Universities faced with 2 simultaneous academic sessions

Strong points:

  • Universities face the dilemma of running two academic sessions simultaneously after the HSC results were released on Sunday, as most public universities have yet to start classes for the 2020-21 session.
  • Some universities haven’t even been able to complete the admissions process yet
  • Covid has delayed the current academic session which usually starts between December and January
  • The University Grants Commission will sit with the Vice-Chancellors to decide how to resolve the dilemma
  • Educators said it would be impossible to run two batches simultaneously, but universities must find a way out

Universities across the country are set to face the dilemma of running two academic sessions simultaneously after Sunday, when the results of Higher Secondary School (HSC) will be announced, as most public universities have not yet started the courses for the 2020-21 academic session.

Some universities, including the University of Chittagong, Jagannath University and Kushtia Islamic University, could not even complete the admission process.

Due to the closure of academic activities caused by the pandemic until September 12, 2021, the academic session, which usually starts between December and January, has been delayed.

Under these circumstances, education experts are concerned about the ability of universities to hold two academic sessions simultaneously due to the shortage of teachers and halls.

“Universities were largely responsible for the slow admissions process in the last academic term. They have delayed far too long and students will suffer,” Professor Mohammad Alamgir, a member of the University Grants Commission, told The Business Standard.

He also said that the UGC would sit with the vice chancellors of the universities and decide how to resolve the dilemma of carrying out the academic activities of two academic sessions.

The Bangladesh University of Engineering and Technology (Buet) started the first year courses of the 2020-21 academic session from January 22 this year. The National University also started classes late last year.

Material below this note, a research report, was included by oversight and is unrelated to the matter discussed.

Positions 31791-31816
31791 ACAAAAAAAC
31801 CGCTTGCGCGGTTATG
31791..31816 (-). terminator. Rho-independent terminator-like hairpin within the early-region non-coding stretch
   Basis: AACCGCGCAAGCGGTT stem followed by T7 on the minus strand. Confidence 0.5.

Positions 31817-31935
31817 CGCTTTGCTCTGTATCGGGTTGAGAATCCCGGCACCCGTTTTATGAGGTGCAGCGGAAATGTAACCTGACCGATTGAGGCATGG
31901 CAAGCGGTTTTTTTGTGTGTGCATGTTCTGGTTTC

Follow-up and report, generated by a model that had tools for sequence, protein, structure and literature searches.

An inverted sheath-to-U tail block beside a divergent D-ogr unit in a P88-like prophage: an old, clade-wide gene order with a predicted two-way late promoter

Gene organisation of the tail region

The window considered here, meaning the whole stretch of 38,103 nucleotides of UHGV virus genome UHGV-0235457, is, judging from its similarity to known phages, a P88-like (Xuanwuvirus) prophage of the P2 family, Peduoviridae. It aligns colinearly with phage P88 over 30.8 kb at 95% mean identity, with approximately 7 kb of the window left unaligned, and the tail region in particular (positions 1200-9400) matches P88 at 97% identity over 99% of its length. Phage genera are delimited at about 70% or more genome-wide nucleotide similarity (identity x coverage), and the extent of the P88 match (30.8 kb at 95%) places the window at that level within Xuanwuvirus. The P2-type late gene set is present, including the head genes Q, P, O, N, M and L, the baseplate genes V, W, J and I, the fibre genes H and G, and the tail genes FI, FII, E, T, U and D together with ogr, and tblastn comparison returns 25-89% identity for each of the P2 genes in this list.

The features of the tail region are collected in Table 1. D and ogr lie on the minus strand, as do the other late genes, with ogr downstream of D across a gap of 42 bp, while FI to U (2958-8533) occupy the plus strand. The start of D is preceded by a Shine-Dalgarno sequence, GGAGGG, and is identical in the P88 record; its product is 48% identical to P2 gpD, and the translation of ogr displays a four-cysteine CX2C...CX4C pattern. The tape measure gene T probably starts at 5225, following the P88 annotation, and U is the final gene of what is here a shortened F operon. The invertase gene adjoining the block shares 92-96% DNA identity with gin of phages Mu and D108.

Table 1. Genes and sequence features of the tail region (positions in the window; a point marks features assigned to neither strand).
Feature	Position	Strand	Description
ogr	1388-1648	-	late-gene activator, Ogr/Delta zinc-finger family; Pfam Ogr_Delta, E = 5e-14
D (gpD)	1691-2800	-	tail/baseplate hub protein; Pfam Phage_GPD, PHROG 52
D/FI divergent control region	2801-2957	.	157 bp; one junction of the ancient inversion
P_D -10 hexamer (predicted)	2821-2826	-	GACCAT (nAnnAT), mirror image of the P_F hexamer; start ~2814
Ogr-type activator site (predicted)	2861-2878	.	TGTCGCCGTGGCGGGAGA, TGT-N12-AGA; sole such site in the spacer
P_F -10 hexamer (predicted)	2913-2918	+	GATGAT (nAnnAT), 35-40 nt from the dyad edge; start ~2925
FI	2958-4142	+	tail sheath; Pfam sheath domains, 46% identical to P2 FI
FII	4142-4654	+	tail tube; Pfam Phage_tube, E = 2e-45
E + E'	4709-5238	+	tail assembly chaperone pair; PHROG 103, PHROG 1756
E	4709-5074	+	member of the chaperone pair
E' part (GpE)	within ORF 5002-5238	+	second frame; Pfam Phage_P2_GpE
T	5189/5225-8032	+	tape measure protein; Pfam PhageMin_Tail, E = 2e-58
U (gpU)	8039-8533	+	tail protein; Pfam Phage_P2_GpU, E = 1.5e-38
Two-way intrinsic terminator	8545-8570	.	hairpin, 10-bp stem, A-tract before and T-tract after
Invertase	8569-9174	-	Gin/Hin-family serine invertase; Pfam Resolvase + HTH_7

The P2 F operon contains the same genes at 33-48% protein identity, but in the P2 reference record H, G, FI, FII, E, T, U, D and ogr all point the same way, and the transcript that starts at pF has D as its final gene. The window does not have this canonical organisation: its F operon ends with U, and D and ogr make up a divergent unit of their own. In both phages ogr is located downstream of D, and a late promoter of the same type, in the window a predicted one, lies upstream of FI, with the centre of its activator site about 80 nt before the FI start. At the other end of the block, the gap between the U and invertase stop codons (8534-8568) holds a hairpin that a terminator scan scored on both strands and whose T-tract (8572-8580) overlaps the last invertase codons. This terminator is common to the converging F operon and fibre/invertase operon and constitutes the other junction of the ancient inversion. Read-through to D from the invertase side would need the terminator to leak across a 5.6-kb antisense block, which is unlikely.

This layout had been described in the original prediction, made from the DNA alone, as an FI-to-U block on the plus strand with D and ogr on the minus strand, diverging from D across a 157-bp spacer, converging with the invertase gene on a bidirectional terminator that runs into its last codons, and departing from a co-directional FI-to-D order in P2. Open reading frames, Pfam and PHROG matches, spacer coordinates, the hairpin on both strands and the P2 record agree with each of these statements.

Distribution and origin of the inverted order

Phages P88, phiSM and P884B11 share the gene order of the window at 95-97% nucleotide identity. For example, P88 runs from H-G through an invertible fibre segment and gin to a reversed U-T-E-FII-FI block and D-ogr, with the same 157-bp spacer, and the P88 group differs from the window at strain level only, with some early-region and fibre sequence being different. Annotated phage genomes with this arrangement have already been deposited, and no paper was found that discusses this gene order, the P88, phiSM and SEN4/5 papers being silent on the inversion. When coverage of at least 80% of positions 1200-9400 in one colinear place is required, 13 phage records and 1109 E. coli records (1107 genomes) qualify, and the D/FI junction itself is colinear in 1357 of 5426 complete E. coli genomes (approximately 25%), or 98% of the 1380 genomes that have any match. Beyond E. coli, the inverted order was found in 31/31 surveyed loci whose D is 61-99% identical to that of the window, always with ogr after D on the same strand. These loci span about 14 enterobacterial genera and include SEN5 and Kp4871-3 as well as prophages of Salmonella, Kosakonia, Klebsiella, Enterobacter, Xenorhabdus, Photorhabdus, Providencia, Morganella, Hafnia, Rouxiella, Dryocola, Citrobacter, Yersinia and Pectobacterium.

The University of Dhaka and Rajshahi University have already set up the routine to start classes for the 2020-21 academic session from February 22.

Professor Siddiqur Rahman, former director of the Institute of Education and Research at Dhaka University, told The Business Standard that it will be impossible to run two batches at the same time. But universities must find ways to resolve the crisis.

“Students taking admissions for the 2020-21 academic session have lost more than a year. New HSC students have also lost almost eight months. Thus, the government as well as UGC can take initiatives to avoid further loss of school time,” he said.

Professor Munaz Ahmed Noor, Vice Chancellor of Bangabandhu Sheikh Mujibur Rahman Digital University, Bangladesh (BDU) and also the head of the Uniform Admission Test Technical Committee said that they learned that the new admission process will be more efficient.

As many as 1.4 million students have taken the HSC and its equivalent exams across the country. About 80-90% of students are expected to pass the exams.

Professor Emeritus of the University of Brac, Dr Manzoor Ahmed, told The Business Standard that they have asked the government to prepare a long-term plan to recover learning losses and bring back academic discipline.

“There is no problem in private universities because they have already completed one or two semesters. But public universities have taken a long time to complete the admission process. It is clearly a lack of planning”, did he declare.

Shayla Patwari, a guardian, said she could not afford to admit her son, who she expects to die on Sunday at a private university. And to get him admitted to any public university, his son has to wait another six months.

“A country’s education sector cannot improve in this way. It has to improve,” she said.

According to the Uniform Admissions Testing Committee, the “GST” (General, Science, and Technology) test was taken for 20 public universities. The test for science students was held on October 17, unit B for humanities students on October 24, and unit C for business on November 1.

According to the decision of the committee, candidates had to pay Tk 1,200 to take the tests. Each university could admit students on the basis of merit lists. A total of 3.61 lakh admission seekers participated in the tests across the country.

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